Supports self-exploration

Freediving allows you to see what you are really capable of and discover how you act under pressure or stress. Being underwater with no access to air is something that goes against all our natural instincts as humans.

As you do this more and more you will learn to trust yourself and the water around you. You will discover new sides of your personality and characteristics.

Boosts your confidence

Practicing how to relax underwater

When you learn about freediving by taking courses, you will find that your self-confidence improves dramatically. This comes from starting as a beginner and seeing yourself improve over time, you will do things you never thought you were capable of.

As you will reach new depths and become more confident in deep water, you will gain more confidence in life.

Your nutrition and lifestyle get better

As you learn in the first freediving courses, it is not ideal to dive on a full stomach, especially a stomach full of greasy, heavy foods. Diving regularly encourages healthy nutrition because it simply does not feel good to dive when you are full of unhealthy foods. A light breakfast of fruit or oatmeal is perfect a few hours before you go diving, some freedivers even choose to fast until after their dive to improve relaxation and feel good in the water.

Many freedivers also avoid alcohol and dairy products which are thought to have a negative effect on the congestion. Congestion can disrupt equalization and ruin a dive session.

Makes you care for the health of the planet

Collecting plastic waste from the ocean when freediving

As you freedive you will probably become more curious and excited by the marine life you will see. You will be able to swim next to beautiful and elegant creatures big and small. As you grow to appreciate those that live underwater, you might become more passionate about protecting their habitat.

Many freedivers are advocates for ocean conservation and eco-conscious living. If you dive alongside plastic bags and discarded fishing nets, you will be more eager to do what you can to fix these issues. The more freedivers that spread the word, the quicker we can improve the health of the planet.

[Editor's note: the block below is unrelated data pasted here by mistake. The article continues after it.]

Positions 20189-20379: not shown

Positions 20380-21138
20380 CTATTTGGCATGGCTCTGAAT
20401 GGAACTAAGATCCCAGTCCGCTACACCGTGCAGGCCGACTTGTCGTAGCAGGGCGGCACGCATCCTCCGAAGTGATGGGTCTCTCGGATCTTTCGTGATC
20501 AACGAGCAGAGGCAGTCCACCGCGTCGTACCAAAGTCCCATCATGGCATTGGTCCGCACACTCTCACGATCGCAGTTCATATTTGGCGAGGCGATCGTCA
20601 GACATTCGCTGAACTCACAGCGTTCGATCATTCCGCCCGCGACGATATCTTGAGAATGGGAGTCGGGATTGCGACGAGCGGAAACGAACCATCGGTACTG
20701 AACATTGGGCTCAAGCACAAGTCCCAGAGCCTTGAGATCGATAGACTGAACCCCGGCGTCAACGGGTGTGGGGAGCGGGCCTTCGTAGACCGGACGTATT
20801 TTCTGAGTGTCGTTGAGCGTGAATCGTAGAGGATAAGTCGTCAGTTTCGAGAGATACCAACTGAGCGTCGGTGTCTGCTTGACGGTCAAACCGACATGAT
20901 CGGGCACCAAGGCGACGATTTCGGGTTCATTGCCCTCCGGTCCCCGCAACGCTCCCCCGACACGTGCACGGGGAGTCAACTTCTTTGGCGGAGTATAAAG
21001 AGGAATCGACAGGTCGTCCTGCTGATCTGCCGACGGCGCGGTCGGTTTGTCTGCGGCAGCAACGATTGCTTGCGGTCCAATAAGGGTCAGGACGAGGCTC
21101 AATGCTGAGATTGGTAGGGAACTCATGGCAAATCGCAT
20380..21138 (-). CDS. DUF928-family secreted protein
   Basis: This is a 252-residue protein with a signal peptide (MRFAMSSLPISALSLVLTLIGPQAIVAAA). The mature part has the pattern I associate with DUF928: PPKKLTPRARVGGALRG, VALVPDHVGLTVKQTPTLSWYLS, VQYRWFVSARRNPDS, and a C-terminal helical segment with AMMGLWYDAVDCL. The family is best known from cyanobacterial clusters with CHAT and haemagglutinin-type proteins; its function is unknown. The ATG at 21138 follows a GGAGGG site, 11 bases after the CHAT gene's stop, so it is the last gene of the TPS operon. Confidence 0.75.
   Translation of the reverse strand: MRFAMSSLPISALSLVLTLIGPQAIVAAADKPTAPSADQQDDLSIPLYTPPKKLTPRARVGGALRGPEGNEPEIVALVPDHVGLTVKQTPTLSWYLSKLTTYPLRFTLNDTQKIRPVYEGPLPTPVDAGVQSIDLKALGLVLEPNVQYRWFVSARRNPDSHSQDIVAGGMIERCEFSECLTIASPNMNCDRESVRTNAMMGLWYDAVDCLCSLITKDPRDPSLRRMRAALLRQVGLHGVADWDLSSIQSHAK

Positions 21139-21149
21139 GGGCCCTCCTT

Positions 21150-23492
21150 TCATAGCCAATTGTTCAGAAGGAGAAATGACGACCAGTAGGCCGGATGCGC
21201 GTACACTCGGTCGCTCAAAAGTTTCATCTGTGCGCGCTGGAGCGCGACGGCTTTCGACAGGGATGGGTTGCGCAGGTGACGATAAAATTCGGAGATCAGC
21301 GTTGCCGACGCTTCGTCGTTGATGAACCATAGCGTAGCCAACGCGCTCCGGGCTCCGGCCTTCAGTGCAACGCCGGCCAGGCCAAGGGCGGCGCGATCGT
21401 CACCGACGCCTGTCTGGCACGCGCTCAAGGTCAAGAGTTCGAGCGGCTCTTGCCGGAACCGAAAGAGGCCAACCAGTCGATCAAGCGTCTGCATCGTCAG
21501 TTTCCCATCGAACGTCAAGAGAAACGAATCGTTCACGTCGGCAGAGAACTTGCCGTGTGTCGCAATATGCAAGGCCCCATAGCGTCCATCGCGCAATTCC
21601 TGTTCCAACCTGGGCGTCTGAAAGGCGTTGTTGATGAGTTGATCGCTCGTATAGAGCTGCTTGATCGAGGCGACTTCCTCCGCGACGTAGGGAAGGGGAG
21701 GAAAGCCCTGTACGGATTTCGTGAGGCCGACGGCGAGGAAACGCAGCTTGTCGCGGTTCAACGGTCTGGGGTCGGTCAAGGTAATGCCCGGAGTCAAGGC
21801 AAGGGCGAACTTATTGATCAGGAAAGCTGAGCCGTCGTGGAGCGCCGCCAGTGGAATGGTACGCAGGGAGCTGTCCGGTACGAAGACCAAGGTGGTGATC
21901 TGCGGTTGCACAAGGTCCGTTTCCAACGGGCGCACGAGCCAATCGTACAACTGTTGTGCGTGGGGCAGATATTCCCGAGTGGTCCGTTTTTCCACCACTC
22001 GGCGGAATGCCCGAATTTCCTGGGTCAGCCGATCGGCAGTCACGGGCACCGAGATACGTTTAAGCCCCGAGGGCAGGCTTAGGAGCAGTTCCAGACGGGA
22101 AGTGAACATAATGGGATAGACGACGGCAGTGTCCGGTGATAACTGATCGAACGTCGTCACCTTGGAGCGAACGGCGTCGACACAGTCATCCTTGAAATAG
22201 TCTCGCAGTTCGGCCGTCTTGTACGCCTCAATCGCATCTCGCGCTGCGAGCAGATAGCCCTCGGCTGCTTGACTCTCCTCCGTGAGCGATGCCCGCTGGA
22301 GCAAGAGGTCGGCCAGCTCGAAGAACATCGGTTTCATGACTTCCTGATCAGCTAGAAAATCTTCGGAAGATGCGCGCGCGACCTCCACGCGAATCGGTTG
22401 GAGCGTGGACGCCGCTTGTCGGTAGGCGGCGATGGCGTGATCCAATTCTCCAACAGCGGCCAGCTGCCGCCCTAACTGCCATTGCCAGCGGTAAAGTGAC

You spend more time with nature

Freediving is a mostly outdoor activity that allows you to immerse yourself in nature. Modern life has brought technology and social media which have created a distance between humans and the natural world. It has been found that spending more time in nature gives a positive boost to health and well-being, both mentally and physically. Practicing freediving forces you to put down the phone and get back to your primal roots.


Freediving is beneficial to your body and mind for so many reasons. You can become stronger, more focused, and develop a healthy and happy social life. Have we convinced you to take up freediving?

Questions about the benefits of freediving

When you start freediving, you learn how to breathe more deeply, how to hold your breath longer, and how to increase the efficiency of your breathing. Practicing breath-holding exercises strengthen the respiratory muscles and increase lung capacity so recreational freediving, besides providing benefits for your overall health and well-being, can improve the breathing ability too.

Freediving has numerous benefits for both the mind and body. It is an excellent way to get some low-impact exercise that can improve cardiovascular fitness, strengthen the muscles and increase lung capacity. Freediving can also help reduce stress and promote relaxation, so generally, it can positively affect one’s overall health and well-being.

Practicing freediving can help for managing anxiety and stress. Breathing exercises can help to relax and calm the mind. Also, swimming and being near water releases hormones in your brain that make you feel happier. However, it is important to note that freediving is a physically and mentally demanding activity too so it may not be suitable for everyone.

Stress and anxiety affect how your body works so if you have any mental health concerns, it is important to consult with your doctor as well as a freediving instructor before attempting to freedive.